Vodka Mom said...

"the only grey....on the bottom of their hooves."


love

Manicddaily said...

Yes - really interesting questions. Everything is somewhat different now, a lot the same too though. I can see your little son's face smiling. k.

Mary said...

Actually young children do not notice/ pay attention to the color of anyone's skin. I have had examples of this again and again with my grandchildren. It doesn't matter to children any more than the color of someone's t-shirt...if they notice at all.

And as far as zebras go, I have recently read about them..LOL. It is said that the base color of the zebra is black & the stripes are white.

I enjoyed your poem, Brian.

Mark said...

I think though the world needs more grey. Not everything is black and white. Mostly zebras and badgers.

CiCi said...

Observing without him knowing is interesting, he doesn't give you much time for that though, right?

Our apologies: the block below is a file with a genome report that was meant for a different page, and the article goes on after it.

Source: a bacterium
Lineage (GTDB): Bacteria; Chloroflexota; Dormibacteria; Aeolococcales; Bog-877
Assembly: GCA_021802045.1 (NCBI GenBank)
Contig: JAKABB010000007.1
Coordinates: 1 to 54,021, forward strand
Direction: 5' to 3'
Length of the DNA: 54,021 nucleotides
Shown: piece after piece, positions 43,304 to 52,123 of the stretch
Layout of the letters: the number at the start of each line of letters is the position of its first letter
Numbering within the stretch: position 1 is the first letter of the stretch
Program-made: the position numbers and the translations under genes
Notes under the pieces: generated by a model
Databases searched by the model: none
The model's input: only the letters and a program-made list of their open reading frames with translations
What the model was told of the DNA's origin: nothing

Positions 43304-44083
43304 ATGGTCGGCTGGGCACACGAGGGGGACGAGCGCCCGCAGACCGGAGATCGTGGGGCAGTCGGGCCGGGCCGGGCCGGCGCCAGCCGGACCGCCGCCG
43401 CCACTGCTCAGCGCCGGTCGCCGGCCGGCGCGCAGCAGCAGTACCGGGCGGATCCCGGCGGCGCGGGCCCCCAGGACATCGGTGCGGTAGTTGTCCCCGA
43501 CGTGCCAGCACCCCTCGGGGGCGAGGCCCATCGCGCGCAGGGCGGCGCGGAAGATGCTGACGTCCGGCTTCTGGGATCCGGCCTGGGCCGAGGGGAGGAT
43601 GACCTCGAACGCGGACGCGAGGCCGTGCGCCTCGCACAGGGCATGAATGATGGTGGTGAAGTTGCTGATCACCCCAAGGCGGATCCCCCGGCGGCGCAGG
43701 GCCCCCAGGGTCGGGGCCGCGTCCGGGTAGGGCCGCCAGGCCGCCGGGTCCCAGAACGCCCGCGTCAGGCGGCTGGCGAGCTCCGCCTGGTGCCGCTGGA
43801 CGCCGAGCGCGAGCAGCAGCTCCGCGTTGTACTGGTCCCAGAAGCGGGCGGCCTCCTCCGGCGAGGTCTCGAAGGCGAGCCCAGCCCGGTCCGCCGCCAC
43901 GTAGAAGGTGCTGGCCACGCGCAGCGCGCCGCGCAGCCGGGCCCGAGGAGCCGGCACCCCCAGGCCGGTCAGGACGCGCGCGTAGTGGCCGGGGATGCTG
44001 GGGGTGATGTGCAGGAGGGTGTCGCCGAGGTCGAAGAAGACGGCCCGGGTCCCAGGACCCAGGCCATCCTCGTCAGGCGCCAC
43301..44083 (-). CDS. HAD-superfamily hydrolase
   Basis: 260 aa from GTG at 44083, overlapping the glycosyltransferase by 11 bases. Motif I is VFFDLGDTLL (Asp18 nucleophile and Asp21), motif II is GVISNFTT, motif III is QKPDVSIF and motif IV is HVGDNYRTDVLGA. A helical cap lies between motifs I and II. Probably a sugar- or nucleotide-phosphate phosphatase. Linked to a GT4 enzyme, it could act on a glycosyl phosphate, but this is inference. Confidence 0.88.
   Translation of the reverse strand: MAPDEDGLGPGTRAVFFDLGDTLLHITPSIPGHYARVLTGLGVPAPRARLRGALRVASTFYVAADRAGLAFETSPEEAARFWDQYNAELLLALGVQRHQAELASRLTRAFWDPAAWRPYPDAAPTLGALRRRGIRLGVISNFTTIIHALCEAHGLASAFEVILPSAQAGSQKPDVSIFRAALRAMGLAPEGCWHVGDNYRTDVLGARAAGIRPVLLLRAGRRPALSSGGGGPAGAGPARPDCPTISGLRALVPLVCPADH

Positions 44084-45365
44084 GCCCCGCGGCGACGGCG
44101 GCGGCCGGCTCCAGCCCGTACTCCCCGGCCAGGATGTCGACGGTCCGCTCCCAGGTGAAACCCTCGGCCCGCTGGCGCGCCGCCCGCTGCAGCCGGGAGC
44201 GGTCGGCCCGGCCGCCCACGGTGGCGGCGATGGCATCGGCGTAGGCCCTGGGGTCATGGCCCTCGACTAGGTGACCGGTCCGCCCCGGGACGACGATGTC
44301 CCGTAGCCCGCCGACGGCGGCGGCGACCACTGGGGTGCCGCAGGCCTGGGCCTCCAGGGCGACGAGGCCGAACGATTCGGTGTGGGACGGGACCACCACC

I was one of those children who did not notice race or color, not very observant but on the other hand I did not grow up with separation. We all have grey on the bottoms of our hooves.

Daniel said...

Interesting observations here. I carry some things within me that I don't know where I took possession of them.

DJan said...

It is an interesting thought, that looking inside the head of our offspring, wondering when those things begin to take shape. :-)

Pat Hatt said...

With your gawk at play
You captured another moment in the day
And such black and white
Such be pffted into the night
Unless of course you're Pat
And have that zebra thingy at your mat haha

Brian Miller said...